Eating for Longevity is Easier Than You Think

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Planning a trip to visit my 107-year-old grandmother got me thinking about longevity. What does it take to live to age 100? Or even just add a few years to our lives? Is there more to it than just genetics? Is the secret to living a long and healthy life as simple as “eat more kale and blueberries?” But visit my grandmother and you might be surprised to learn what snacks sit on her countertop. I’ll give you a hint: they don’t include kale or blueberries.

A little research led me to the work of journalist Dan Buettner. In the early 2000s, Buettner and a team of researchers asked much the same question. With a grant from the National Institute of Aging (NIA), Buettner and his team set out to investigate the secrets to longevity in areas around the world where people were living long, largely disease-free lives. They identified 5 areas around the world, calling them Blue Zones:

  • Sardinia, Italy
  • Okinawa, Japan
  • Nicoya Peninsula, Costa Rica
  • Icaria, a Greek island in the Aegean Sea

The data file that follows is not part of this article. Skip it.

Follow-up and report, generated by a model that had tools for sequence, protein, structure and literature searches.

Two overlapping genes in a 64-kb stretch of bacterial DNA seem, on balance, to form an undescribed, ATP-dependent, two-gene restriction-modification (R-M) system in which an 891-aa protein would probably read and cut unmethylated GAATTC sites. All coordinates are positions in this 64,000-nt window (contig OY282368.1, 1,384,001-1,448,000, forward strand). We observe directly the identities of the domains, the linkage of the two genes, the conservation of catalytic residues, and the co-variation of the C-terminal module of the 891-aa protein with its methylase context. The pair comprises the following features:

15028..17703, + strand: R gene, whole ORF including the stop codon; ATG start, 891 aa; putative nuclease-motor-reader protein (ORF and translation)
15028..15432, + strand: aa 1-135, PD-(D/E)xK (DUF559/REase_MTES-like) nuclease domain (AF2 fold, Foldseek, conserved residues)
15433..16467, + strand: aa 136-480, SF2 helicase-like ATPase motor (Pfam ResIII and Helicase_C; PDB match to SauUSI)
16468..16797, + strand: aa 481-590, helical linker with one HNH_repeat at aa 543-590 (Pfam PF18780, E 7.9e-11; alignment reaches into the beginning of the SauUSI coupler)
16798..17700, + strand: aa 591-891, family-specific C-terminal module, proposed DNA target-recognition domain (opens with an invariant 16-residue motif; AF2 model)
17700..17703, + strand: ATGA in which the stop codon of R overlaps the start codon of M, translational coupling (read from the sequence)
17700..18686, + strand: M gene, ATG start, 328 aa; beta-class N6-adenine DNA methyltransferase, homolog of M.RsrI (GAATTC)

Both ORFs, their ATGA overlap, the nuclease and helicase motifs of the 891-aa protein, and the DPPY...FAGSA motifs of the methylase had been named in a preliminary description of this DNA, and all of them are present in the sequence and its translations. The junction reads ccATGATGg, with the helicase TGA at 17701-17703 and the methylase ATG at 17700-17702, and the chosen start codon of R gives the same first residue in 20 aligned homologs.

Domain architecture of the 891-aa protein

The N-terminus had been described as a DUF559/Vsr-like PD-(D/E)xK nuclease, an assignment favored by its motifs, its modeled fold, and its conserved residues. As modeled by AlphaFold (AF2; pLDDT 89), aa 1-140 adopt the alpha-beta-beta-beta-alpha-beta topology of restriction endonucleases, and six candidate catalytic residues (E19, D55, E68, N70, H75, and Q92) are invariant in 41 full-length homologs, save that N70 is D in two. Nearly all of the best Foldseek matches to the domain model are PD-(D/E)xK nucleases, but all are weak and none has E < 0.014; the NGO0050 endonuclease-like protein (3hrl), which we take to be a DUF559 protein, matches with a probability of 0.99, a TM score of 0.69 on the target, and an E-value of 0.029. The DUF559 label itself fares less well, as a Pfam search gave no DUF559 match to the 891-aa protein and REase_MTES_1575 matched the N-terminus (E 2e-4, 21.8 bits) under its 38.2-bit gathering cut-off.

• Loma Linda, Southern California

The research team found that the hypothesized “secret” to longevity was much more than just food or diet; it also included being part of a community, surrounding yourself with people who reinforce healthy behaviors, having a strong sense of purpose in your life, and being less sedentary.

Based on the research they conducted, Buettner and his team identified nine key factors that correlated behaviors in those regions. Together, these nine key factors are called the Power Nine: “move naturally, purpose, downshift, 80 percent rule, plant slant, wine @ 5, right tribe, community, and loved ones first” (read more about the Power Nine here).

As a registered dietitian, it struck me that dietary patterns of people living in the Blue Zone regions weren’t all that different from what the United States Department of Agriculture (USDA) or even the American Institute for Cancer Research (AICR) recommend as a “healthy diet.” With consciousness and effort, any community can strive toward this standard.

Slightly modified from the Power Nine, here are my four diet and lifestyle tips to add years to your life:

  1. Practice mindful eating. People living in Blue Zones weren’t on “diets,” yet they still managed to consume less calories compared to the average American. Most followed the 80 percent rule and stopped eating after they felt 80% full. They also enjoyed meals at the dinner table surrounded by loved ones instead of in front of computers, TVs, or cell phones. Read more about mindful eating here.
  1. Eat a mostly plant-based diet. Plant-based doesn’t have to mean being vegetarian or vegan. It just means that a majority of your diet comes from minimally processed, whole plant foods.
    • Aim for 5-9 servings of fruits and vegetables every day. Get vitamins and minerals from food as much as possible, not supplements.